SUBSTITUTESHEET two separate phases, namely a fat-free aqueous phase and an essentially anhydrous lipid phase.

The recovered mixture of milk-fat, vitamins, water and phospholipids is then suitably degassed at 30-80C, preferably 30-40βC, and subsequently cooled to 15-20βC by pumping it through a degassing chamber in which carbon dioxide and any residual off odours are removed. Degassing may be effected by vacuum, or by nitrogen sparging into a vacuum or low pressure, or by any method known to the art.

The degassed milkτfat and water mixture is then fed to a wiped film heat exchanger or other device where it is worked to allow crystal growth and the production of butter according to the known art in butter or edible fat manufacture so as to prepare a product of the desired physical properties. If required and preferably if it has been produced by fractionation as cited above, the degassed butter may be blended with other lipid fractions from that process to produce spreads with desired softening points, spreadability and other properties.

An important benefit of the invention is the fact that high pressure carbon dioxide is a highly effective bactericide, particularly when moist. Therefore it is possible in accordance with the invention to obtain sterile butter without the need for other micro-organism control methods such as pasteurisation or vacreation. As described above, however, it may be desirable to apply some form of degassing and heating to eliminate off-odour and inactivate lipases.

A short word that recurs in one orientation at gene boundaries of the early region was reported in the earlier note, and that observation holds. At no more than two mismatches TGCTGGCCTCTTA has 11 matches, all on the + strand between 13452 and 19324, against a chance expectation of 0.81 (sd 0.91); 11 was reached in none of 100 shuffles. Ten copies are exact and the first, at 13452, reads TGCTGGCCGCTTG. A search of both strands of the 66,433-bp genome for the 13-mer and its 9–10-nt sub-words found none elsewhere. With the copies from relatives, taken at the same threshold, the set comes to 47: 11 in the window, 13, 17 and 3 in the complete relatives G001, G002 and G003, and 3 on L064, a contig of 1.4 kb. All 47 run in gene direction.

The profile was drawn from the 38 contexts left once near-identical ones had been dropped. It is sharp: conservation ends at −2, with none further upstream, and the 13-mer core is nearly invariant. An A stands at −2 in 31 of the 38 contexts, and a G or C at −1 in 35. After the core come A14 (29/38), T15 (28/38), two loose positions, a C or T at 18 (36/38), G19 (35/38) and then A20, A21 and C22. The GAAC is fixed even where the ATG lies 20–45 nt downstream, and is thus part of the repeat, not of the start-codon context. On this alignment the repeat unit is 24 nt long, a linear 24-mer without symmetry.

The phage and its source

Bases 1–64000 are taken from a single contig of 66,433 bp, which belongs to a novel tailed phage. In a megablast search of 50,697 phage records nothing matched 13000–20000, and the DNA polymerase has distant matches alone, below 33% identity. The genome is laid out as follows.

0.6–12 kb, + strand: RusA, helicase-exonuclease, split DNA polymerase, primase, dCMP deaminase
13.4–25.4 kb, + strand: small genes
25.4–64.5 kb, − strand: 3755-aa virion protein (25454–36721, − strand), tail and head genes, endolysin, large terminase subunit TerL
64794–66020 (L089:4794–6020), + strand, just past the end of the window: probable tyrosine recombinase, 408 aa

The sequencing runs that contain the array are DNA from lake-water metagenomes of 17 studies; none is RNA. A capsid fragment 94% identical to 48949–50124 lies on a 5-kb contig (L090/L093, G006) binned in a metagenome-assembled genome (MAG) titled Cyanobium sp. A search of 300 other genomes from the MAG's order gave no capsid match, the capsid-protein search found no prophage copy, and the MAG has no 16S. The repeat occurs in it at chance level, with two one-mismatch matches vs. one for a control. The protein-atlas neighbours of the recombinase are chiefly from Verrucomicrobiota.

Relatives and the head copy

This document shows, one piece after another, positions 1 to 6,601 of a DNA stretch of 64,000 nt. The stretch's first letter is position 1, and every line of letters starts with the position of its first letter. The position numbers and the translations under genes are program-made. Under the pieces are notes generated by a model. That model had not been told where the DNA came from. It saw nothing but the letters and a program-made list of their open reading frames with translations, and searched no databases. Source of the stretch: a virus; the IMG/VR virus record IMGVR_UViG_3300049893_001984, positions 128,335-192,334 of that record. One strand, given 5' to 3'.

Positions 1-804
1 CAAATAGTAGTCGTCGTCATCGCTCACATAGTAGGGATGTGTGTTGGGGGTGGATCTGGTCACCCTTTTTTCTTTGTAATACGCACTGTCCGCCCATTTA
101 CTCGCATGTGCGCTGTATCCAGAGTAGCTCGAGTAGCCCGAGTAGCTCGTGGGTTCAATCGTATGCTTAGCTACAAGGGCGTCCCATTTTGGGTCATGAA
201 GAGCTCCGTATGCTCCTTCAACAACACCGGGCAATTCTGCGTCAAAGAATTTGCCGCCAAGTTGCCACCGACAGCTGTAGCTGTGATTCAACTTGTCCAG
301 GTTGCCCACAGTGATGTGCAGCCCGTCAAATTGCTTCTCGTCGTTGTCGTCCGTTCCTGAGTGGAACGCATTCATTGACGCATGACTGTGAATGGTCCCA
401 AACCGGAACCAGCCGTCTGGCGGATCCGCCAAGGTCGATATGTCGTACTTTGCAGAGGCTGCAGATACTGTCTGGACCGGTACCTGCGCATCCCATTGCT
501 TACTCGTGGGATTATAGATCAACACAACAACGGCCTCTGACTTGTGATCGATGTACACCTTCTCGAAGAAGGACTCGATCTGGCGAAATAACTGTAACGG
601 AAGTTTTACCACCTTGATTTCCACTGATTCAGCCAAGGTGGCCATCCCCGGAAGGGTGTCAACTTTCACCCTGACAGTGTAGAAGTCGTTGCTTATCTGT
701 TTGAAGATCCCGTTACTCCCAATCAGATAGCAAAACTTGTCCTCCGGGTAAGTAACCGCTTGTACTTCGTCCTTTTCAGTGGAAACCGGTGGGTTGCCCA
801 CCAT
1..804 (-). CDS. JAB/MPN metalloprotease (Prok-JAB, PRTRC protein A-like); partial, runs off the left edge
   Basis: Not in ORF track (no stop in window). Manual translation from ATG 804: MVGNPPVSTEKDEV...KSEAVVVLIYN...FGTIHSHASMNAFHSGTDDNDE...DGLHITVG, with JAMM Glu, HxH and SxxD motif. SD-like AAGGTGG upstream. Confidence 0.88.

The invention has as its principal advantage the elimination of the butter churning step which in a normal butter operation causes fat losses. In the process of the invention, these losses can be reduced considerably and by suitable choice of processing conditions, eliminated almost completely.

SUBSTITUTESHEET The attached drawing shows in schematic form the full process of the invention. Each stage of the process is identified by a numeral.

In step 1, cream is separated by a normal technique from whole milk; skim milk is the other product.

In step 2, contact between the cream and high pressure carbon dioxide occurs. Cream is fed into the top of the column, extraction vessel 1, with high pressure carbon -dioxide being fed countercurrent through the bottom. The lipid/water/carbon dioxide stream is then fed to step 4, while the residue, namel water, solids-not-fat and undissolved lipids, is fed to step 3 where further separation of milk solids may be effected.

In step 4, the lipid/water/carbon dioxide stream, still under high pressure conditions, is fed to the adsorbent columns. Preferably three of these are operating in parallel, so that at any one stage one can be on stand-by, another one is being use as the adsorbent while the third is being replenished by passage of a solvent therethrough. The conditions of this process are more particularly described in our NZ Patent Application No. 221,503.